The Telegraph
Since 1st March, 1999
Email This Page
Poll & party firefight on trio table

Bhopal, March 14: The BJP maha rally, to be held here tomorrow, is being touted as the launchpad of the party’s election campaign in Madhya Pradesh but it has more to do with infighting and power play than simply throwing out chief minister Digvijay Singh.

The Parade Ground rally, also dubbed the precursor to next month’s BJP national executive in Indore, will be addressed by deputy Prime Minister L.K. Advani, party chief Venkaiah Naidu and law minister Arun Jaitley. The bigwigs are likely to concentrate on the struggle between star campaigner Uma Bharti, state BJP chief Kailash Joshi, and firebrand leader Shivraj Singh Chauhan.

Madhya Pradesh, a conservative and backward state neighbouring Gujarat, has almost all ingredients to make the BJP successful. But so far, the party has failed to capitalise on a range of issues, including cow slaughter, Bhojshala, irregularities in electoral rolls and acute shortage of power and water.

The division within the state BJP is so glaring that the Digvijay regime is getting away with almost everything. What is biting the BJP most is the chief minister’s daring and rather successful portrayal of himself as the “true” representative of Hinduism.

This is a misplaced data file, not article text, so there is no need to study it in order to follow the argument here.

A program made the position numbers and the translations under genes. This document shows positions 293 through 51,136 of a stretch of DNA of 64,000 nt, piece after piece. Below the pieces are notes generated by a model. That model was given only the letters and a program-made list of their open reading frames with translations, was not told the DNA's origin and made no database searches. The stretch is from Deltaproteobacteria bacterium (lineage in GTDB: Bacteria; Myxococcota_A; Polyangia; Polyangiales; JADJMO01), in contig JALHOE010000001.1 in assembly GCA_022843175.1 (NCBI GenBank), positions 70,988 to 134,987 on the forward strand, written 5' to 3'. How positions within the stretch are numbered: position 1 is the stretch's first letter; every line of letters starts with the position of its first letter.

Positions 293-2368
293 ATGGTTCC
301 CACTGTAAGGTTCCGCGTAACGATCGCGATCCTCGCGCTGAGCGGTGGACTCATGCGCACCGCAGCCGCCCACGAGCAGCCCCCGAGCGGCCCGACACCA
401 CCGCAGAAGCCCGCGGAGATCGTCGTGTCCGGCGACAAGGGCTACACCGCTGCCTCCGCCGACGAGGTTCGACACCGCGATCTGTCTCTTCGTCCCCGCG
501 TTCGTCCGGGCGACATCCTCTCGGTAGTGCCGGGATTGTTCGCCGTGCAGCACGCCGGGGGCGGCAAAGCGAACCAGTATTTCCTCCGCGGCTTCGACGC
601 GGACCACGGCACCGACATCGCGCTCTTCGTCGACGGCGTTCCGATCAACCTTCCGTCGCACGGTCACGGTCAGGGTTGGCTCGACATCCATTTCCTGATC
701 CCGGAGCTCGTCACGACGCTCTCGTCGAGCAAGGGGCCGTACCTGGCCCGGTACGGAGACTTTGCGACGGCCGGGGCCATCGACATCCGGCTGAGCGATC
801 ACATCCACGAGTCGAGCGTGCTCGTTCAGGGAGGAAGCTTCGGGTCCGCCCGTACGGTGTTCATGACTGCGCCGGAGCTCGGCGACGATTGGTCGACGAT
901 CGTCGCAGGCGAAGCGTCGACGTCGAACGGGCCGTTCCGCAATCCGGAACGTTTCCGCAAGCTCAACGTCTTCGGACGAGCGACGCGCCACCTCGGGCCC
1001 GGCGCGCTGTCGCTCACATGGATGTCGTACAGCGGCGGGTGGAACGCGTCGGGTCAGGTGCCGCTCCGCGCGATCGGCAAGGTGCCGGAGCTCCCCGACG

While the Congress has accepted that it will go to the polls under Digvijay’s leadership, factionalism and all, the BJP workers are a confused lot. They are looking to Advani, Naidu and Jaitley to answer one basic question: who is the boss and chief ministerial nominee in the state BJP'

The central leadership has so far not given a “green signal” to top favourite Bharti. But there is no dearth of senior BJP leaders in Madhya Pradesh, who privately claim that the race for the chief minister’s post is wide open in case the BJP wins.

Activists close to the state party chief Joshi are hurt and disappointed that a senior leader like him is being publicly humiliated. They feel Joshi has little or no control over a belligerent section of party members who were earlier supporters of the ailing Sunderlal Patwa and are now backing Bharti.

BJP legislators loyal to Joshi said he had been reduced to a mere spectator in Delhi recently when a party delegation had called on the Prime Minister, the President and others to protest against irregularities in electoral rolls. Bharti hogged all the limelight, as she went around speaking and issuing statements. Joshi could only look on.

BJP insiders concede that the supporters of Joshi and the leader of the Opposition in the Madhya Pradesh Assembly, Babulal Gaur, are not giving their “100 per cent” to Bharti as they are unsure of her abilities to checkmate Digvijay.

Bharti’s reported differences with brother Swami Prasad Lodhi are being cited as an example. The disgruntled legislators have been questioning how Bharti will carry everyone along when she has failed to win over her brother. Lodhi, a BJP MLA, is set to join the Congress.

With the tussle raging between Bharti and Joshi, a section of the BJP is looking to Chauhan, a firebrand MP from Vidisha, as a compromise nominee for the chief minister’s post. Like Bharti, Chauhan is known for his oratory skills and has greater acceptability among the BJP.

Email This Page